Puck Daddy - NHL

NHL previews are often superfluous collections of popular opinions that, in the end, usually have no relation to how life actually works out. Which makes using stereotypical high-school yearbook superlatives and awards the appropriate template for Puck Daddy's 2008-09 NHL season previews, presented throughout September.

Last Semester (see also Senators eulogy): Seventh in the Eastern Conference (43-31-8, 94 points). Wicked hangovers can sometimes end with a regrettable tattooing. Such was the case for the Ottawa Senators, who followed up their trip to the Stanley Cup finals with a contentious and underwhelming regular season, before getting curb-stomped by the Pittsburgh Penguins in the conference quarterfinals. They were outscored 16-4, and resembled a first-round bye dressed in RBK uniforms.

GM Bryan Murray had a decision to make after the season; a vital one for the franchise: Blow up the team and take things in a new direction, or tweak the team and hope some important subtractions can get the Senators back on the championship path.

When the free agent frenzy saw Ottawa all but stand pat, and when young guns like Peter DeBoer were passed over for an old horse like Craig Hartsburg, Murray's message was clear: There's still enough talent here to win, and win now.

Even if the goaltending pretty much blows. 

Homecoming King (Top Player): After consecutive 50-goal seasons, Dany Heatley "slumped" to 41 tallies last season and 82 points. He's as potent an offensive player as you'll find in the NHL; consider that the Senators average 4.37 goals for every 60 minutes Dany Heatley plays. That's a better average than Ovechkin had with the Capitals last season.

His power-play numbers took a tumble, so it'll be interesting to see if, and how, they rebound. Also keep an eye on how Hartsburg manages his lines, as the Heatley-Jason Spezza-Daniel Alfredsson monster might be split up. (Something I wouldn't expect to last.)

If nothing else, Heatley could be the only player in the NHL who had his name spelled incorrectly on his own autobiography. Top that, Hossa.

Most Likely To Succeed (Potential Breakout): After Joe Corvo was traded last season and both Wade Redden and Andrej Meszaros found new homes this summer, the Senators are without their top three scoring defensemen from last year.

Someone has to pick up the slack.

Chris Phillips, Anton Volchenkov and new Ottawa D-man Jason Smith aren't exactly Orr, Coffey and Housley out there. Barring a trade, someone's going to Pothier their way to a solid statistic season. So here are two names to watch as far as the redistribution of points: Christoph Schubert and Filip Kuba.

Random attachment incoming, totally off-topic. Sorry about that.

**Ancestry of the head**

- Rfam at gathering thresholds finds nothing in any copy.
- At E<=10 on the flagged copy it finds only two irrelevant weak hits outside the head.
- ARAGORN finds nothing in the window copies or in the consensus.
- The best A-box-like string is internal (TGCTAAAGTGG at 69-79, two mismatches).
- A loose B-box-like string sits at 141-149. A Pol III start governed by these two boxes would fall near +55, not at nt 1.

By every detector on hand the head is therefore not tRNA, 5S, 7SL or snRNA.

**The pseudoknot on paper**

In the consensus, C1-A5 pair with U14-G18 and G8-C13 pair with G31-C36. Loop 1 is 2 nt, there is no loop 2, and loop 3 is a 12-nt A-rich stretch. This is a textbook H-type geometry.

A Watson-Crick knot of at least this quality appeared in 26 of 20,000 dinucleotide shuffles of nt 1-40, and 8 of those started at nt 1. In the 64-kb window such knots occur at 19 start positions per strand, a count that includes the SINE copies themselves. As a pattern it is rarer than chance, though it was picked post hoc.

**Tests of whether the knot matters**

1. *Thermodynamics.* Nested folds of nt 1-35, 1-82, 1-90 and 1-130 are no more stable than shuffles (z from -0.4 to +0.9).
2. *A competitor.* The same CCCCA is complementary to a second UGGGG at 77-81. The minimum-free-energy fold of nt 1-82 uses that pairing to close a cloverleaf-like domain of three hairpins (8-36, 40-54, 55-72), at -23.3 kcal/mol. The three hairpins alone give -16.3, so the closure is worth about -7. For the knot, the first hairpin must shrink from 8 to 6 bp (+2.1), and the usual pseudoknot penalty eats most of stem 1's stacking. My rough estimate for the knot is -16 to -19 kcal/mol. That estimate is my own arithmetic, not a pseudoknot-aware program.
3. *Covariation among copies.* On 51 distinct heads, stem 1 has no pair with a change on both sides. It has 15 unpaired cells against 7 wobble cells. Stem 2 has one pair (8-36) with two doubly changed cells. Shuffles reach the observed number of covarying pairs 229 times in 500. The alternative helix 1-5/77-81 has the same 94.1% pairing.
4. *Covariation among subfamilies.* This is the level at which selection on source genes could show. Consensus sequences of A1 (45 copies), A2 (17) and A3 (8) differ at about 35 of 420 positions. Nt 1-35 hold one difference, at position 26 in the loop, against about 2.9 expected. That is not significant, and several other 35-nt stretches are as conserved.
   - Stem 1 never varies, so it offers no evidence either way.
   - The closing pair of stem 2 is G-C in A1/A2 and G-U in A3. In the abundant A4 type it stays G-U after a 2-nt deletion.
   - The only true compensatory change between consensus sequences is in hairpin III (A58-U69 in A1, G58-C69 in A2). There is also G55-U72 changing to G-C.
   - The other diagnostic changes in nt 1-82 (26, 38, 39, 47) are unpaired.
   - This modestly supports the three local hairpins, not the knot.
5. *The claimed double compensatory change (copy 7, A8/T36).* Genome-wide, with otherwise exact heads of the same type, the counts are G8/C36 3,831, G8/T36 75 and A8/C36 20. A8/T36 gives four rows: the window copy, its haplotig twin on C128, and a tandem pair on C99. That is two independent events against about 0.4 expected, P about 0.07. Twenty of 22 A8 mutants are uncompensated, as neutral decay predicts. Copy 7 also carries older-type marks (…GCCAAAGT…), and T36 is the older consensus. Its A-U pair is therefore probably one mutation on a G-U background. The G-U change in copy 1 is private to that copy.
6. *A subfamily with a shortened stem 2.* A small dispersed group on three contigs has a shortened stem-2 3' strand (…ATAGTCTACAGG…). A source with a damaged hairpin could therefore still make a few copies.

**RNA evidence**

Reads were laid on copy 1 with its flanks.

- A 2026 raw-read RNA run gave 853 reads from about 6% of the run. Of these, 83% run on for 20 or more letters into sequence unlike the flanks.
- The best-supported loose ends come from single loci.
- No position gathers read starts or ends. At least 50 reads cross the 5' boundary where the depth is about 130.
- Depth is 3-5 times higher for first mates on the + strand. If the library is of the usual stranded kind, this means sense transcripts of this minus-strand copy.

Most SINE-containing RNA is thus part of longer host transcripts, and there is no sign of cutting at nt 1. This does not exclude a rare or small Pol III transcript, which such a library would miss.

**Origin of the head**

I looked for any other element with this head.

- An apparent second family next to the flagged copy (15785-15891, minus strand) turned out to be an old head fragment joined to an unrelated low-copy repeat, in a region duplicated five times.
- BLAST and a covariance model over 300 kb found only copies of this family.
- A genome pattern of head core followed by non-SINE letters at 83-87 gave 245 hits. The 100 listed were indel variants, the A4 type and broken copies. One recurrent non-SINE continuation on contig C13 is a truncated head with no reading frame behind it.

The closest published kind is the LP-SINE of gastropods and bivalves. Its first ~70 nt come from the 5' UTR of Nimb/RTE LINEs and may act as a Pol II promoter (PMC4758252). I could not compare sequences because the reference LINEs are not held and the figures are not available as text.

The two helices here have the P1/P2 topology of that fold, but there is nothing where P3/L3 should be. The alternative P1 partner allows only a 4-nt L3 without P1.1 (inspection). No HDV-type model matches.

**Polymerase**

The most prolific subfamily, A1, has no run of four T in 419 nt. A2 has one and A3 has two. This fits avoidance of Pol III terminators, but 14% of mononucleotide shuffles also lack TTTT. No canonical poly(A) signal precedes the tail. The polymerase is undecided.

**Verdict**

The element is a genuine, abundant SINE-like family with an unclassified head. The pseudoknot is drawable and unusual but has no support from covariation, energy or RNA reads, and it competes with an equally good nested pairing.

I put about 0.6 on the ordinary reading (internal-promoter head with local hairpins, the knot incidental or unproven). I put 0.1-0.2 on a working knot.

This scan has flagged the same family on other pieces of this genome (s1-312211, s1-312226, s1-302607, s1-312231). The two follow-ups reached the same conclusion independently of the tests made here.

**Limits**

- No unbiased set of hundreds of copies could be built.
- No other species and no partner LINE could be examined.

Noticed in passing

Coming over from the Tampa Bay Lightning in the Meszaros deal, Kuba is coming off his best offensive season and could eclipse those numbers if he sees power-play time. He's also in a contract year.

Schubert's ice time jumped by two minutes per game last season and should continue to rise.

Another name to watch for the Senators, at the forward position: Nick Foligno. He didn't set the world on fire offensively in 45 games last season, but if he earns a prominent role coming out of camp it could be a breakout campaign.

Best Expulsion: (Addition by Subtraction): Wade Redden's time in Ottawa was over. His numbers were in decline, his salary demands were too high and fans were all too eager to see him leave for the New York Rangers.

But obviously the most important subtraction of the off-season was that of goaltender Ray Emery. You don't have to read between the lines (so to speak) to understand that Emery had made some seriously detrimental lifestyle choices that affected his play in the NHL. It's hard to remember another player who squandered as much goodwill and respect as Emery earned in the Stanley Cup playoff run. His departure to the KHL was a surprise, but speaks volumes about how poisonous a distraction his plight had become.

Exchange Students (Key New Additions): The Senators made three new additions by choice. Jason Smith is one of the NHL's true defensive warriors, and an asset to any blueline on which he patrols. Jarkko Ruutu comes from a winning Penguins team and adds a level of agitation and unwavering grit that was missing from last year's Ottawa club. Alex Auld comes from the Bruins' goaltending logjam to share time with Martin Gerber.

But the Senators have two new additions they probably weren't expecting to add: Kuba and defenseman Alexandre Picard, acquired from the Lightning for Meszaros once those contract talks went to hell. Murray did a good job getting a solid return from the Bolts without taking on any extra salary than he needed to. Picard, in particular, has a huge upside.

Class Clowns (Pests and Pugilists): Ruutu is one of the NHL's preeminent pests; we approve of any player with his own theme song.

The Senators had 33 fights last season. Their second-leading pugilist, Brian McGrattan, has moved on. But Chris Neil, the team's leading fighter, remains poised and ready for cheap shots and the ensuing fisticuffs that follow: